Why you should update your Android apps ASAP

If you’re the owner of an Android cell phone, you’ll want to take a second out of your day today to stop, drop and update your apps to keep your information safe.

According to Consumer Reports, more than 500 apps have been affected by a recently discovered vulnerability in code. This flaw allows people with malicious purposes to install spyware on users’ phones and access their sensitive data.

A mobile security firm named Lookout first noticed something shifty going on with Androids. When they dug into their suspicions, they found out that a certain string of code introduced a vulnerability to any apps created with it. That essentially allowed third parties to install undetectable malware on people’s phones.

Fortunately, Lookout let Google know about the issue quickly. Google immediately removed or updated all affected apps to correct the problem.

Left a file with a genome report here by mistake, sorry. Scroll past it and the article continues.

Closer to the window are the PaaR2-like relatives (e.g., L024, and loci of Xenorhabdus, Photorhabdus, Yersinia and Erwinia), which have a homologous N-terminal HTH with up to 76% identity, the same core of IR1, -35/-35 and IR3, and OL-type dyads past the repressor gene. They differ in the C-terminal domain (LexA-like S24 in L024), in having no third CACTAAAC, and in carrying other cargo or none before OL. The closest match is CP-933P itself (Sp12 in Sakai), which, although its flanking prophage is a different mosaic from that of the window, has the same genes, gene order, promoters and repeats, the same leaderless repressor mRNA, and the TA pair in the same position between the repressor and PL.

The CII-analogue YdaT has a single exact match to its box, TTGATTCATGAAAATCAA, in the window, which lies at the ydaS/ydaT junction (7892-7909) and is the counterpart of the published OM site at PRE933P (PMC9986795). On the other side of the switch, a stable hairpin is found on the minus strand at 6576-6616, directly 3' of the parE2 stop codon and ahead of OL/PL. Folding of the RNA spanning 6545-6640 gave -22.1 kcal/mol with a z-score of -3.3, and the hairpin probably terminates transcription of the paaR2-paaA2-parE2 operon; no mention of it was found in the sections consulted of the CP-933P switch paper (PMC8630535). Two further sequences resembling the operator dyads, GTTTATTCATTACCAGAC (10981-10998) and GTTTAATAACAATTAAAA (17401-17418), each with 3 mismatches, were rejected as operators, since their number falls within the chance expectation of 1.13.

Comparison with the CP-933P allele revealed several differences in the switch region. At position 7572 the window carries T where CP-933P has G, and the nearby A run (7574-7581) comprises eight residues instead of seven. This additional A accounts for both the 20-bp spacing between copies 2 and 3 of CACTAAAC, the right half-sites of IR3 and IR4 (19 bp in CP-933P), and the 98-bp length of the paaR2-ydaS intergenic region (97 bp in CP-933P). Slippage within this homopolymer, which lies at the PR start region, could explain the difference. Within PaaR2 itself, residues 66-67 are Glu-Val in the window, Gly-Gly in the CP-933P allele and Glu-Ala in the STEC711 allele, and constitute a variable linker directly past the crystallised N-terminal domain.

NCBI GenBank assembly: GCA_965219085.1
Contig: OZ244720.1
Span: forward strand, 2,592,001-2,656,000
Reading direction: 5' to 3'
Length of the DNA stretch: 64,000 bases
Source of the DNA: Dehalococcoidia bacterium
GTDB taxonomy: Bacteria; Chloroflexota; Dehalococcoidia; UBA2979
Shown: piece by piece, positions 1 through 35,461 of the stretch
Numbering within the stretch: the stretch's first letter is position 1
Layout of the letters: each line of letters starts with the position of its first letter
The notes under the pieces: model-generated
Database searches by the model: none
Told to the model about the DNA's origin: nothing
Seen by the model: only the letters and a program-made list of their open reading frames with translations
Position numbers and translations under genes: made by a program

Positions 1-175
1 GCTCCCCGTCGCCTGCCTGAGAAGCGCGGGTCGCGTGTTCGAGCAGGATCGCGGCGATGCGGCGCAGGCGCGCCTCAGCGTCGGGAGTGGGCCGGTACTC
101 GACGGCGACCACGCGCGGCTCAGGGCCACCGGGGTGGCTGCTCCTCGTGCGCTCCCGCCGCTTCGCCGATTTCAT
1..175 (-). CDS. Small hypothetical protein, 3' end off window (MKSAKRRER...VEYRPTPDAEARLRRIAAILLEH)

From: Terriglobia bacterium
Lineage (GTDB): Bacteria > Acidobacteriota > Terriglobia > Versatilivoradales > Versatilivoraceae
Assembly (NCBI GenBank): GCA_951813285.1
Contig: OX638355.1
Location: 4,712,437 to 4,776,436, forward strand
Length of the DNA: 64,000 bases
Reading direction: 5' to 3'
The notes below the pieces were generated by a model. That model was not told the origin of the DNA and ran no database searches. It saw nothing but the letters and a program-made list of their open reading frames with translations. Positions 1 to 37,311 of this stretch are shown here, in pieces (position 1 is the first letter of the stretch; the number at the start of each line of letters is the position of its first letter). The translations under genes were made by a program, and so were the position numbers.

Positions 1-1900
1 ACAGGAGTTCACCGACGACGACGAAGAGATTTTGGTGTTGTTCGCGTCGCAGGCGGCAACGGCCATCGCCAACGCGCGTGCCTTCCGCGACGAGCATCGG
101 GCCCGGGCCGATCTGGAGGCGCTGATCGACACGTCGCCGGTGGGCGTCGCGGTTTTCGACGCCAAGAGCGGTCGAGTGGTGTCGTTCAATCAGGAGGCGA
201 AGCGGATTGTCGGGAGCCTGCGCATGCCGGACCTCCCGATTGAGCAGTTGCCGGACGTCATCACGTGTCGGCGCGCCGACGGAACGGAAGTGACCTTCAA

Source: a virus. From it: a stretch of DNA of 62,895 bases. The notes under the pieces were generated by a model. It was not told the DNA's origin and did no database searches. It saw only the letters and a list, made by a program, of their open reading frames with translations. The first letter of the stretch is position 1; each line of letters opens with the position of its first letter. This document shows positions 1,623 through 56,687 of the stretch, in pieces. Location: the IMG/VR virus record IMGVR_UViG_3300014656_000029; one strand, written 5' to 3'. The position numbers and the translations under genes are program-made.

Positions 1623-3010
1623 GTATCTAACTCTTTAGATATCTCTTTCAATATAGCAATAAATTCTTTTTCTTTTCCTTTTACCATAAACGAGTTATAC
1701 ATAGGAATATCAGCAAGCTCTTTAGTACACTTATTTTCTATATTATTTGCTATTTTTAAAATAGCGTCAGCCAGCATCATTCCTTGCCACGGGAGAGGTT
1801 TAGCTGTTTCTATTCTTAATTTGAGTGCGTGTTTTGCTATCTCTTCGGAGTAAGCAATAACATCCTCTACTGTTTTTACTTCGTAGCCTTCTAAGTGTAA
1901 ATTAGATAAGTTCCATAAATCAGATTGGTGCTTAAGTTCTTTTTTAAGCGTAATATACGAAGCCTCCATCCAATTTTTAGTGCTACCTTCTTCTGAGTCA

However, not everyone updates their apps regularly. So, many people could still have the spyware on their phones, but not know it.

Lookout didn’t name many of the apps affected, but it did describe a few of them. Named apps included LuckyCash (with 1 million downloads) and SelfieCity (which had 5 million downloads). Other unnamed, affected apps included games targeted at teenagers (one with over 50 million downloads), weather apps, internet radio apps, photo editors, and other apps that involve education, health and fitness, travel and home video.

phone photo
Getty Images | Justin Sullivan

How to update your Android apps

To me, that sounds like a whole bunch of the apps we use on a daily basis. Since Lookout didn’t release many specific names, you’ll want to make sure that all of your apps are up to date.

To do so, go to the Google Play Store and select “My apps & games” from the drop-down menu in the upper-left corner of the screen. There, you’ll see a list of apps that require updating. Make sure you update them all to protect yourself.

After that’s done, you should be in the clear. But remember to update your apps (and phone software) regularly to stay safe in the future, too.